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The Dow, S&P 500, and Nasdaq all closed at record highs on Friday (Feb. 10) after President Trump announced a "phenomenal" tax plan in the coming weeks. The Dow alone has surged nearly 12% since Election Day.
But this record-breaking run has some investors wondering, is the stock market too high?
The three major indexes have climbed a combined 11% since President Trump won office on Nov. 8. Observers have dubbed this growth the "Trump Rally." Forbes chalks the growth up to optimism over President Trump's "pro-growth policies."
In short, the prospects of lower taxes and fewer regulations have investors excited enough to buy.
But with most of the gains coming before Trump was sworn in as president, and only three weeks of time in office since then, some believe the rally is premature.
"I think markets are ahead of themselves," Larry Fink told a Yahoo Finance forum Monday (Feb. 13).
But we want you to be prepared just in case. That's why we're going to show you how to protect your money during a stock market crash. But first, here's why an overvalued stock market is dangerous…
Why Some Say the Stock Market Is Too High
The stock market is too high when stocks are selling for more than they are really worth. And when the market corrects, a stock market crash could follow.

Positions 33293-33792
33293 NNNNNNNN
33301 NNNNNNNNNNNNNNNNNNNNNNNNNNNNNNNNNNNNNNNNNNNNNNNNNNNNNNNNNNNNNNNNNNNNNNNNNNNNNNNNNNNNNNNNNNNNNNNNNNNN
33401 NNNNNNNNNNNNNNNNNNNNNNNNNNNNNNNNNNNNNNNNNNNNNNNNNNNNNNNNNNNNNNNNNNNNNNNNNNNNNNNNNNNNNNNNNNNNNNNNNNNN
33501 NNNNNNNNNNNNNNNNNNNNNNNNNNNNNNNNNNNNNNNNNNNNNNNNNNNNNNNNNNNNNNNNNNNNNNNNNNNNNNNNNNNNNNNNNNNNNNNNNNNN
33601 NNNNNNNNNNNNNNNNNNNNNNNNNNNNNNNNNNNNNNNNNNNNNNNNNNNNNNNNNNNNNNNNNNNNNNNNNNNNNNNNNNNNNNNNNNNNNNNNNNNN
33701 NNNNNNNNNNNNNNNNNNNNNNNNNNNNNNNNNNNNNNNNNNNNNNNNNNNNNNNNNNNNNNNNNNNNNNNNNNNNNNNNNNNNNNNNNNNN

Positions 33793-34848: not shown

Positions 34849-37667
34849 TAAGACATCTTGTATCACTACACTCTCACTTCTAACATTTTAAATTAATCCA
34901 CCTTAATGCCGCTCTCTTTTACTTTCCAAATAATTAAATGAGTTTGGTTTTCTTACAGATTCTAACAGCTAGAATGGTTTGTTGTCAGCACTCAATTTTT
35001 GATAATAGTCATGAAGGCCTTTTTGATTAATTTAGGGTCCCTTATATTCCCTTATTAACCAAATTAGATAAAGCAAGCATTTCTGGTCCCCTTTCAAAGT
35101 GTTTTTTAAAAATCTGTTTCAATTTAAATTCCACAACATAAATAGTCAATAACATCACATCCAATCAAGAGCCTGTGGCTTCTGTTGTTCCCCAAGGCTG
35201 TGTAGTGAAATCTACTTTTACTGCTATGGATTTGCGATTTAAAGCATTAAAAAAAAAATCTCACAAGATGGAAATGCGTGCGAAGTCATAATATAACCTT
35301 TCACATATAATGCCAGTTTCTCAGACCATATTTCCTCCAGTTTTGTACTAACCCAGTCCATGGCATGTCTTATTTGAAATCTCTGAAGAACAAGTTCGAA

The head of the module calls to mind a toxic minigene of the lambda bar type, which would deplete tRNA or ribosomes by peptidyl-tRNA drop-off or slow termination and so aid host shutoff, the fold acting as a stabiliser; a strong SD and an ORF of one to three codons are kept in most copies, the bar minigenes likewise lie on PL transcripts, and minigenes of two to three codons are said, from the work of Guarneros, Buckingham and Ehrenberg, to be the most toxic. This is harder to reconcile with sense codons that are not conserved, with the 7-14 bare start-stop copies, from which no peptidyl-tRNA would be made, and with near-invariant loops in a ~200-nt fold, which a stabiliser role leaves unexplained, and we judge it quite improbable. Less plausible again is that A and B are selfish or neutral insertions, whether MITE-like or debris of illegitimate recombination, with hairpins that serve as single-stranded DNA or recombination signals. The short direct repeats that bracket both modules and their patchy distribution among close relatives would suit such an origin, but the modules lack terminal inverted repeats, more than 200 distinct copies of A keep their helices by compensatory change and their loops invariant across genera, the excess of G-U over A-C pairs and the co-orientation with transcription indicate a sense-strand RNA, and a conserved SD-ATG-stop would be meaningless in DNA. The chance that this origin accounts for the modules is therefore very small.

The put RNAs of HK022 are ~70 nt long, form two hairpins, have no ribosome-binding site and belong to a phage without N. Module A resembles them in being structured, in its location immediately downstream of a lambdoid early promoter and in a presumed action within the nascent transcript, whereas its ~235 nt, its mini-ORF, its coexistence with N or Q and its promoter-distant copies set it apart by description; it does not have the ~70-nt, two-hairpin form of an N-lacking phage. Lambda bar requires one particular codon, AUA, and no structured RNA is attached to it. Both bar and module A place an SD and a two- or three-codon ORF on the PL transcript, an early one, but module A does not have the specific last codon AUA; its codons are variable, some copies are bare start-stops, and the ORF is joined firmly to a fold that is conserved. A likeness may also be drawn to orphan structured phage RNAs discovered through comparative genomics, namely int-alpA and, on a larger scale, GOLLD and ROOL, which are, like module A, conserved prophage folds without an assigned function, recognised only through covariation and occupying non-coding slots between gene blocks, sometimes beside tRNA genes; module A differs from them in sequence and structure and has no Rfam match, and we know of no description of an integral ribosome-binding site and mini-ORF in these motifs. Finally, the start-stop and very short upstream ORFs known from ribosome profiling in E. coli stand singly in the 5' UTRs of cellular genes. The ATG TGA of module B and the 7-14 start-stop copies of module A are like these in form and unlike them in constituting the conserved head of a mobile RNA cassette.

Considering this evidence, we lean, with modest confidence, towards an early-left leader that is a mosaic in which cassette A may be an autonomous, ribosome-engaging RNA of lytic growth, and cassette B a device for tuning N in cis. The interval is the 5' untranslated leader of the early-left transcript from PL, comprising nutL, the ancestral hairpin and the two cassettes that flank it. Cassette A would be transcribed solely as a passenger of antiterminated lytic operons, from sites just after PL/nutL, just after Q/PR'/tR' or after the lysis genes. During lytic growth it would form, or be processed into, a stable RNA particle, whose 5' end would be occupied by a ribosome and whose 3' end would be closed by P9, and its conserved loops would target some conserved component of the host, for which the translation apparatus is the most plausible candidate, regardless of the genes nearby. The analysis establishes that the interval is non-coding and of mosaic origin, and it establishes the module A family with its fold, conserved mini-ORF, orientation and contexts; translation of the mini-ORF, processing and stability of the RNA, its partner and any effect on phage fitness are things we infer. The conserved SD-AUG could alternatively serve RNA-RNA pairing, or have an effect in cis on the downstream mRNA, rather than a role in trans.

You see, speculation drives stock prices up. During times of "irrational exuberance," investors are willing to take big risks. In the case of the stock market, they expect stocks to continue rising. That's how speculation pushes prices higher, which leads to a stock market bubble.
But the problem is stocks don't always rise. When the market falls, speculative investors are forced to sell. And mass sell-offs drive the market down even further. This is what causes the stock market to crash.
We've seen this happen during historic stock market crashes, like the stock market crash of 1929.
During the Roaring '20s, investors believed that the surging market would never fall. They took huge risks by piling money they couldn't afford to lose into stocks. Investors borrowed over $120 million to invest from 1923 to 1929.
All of this money helped inflate the stock market, but when the market began to fall in 1929, investors panicked. These investors were forced to sell because they couldn't afford to lose the money. And as stocks continued to fall, even more investors sold. Some stockholders couldn't find anyone to buy their shares at any price.
The stock market crash of 1929 would wipe out 86% of the value of the Dow between 1929 and 1932.
And now that the stock market is breaking records again, we are seeing these same signs of speculation driving up stock prices beyond their real value.
The Shiller P/E ratio is a measure of stock market value. Robert Shiller, a Nobel Prize-winning economist, developed the ratio as a way to value the stock market. It helps us understand whether stocks are too high or too low.
Right now, the Shiller P/E ratio shows stocks are too high. In fact, they are 73% above their historical average. And as the chart below shows, extremely high Shiller P/E ratios have been associated with historic stock market crashes. The current ratio is even higher than it was before the 2008 stock market crash…
While we can't predict when or if the stock market will crash, we do know it's overvalued by historical standards. And that could mean a stock market crash is coming.
But instead of worrying about when it could happen, it's better to prepare. That's why we've put together a stock market crash investment plan for our readers. Here's how to protect your money during a stock market crash…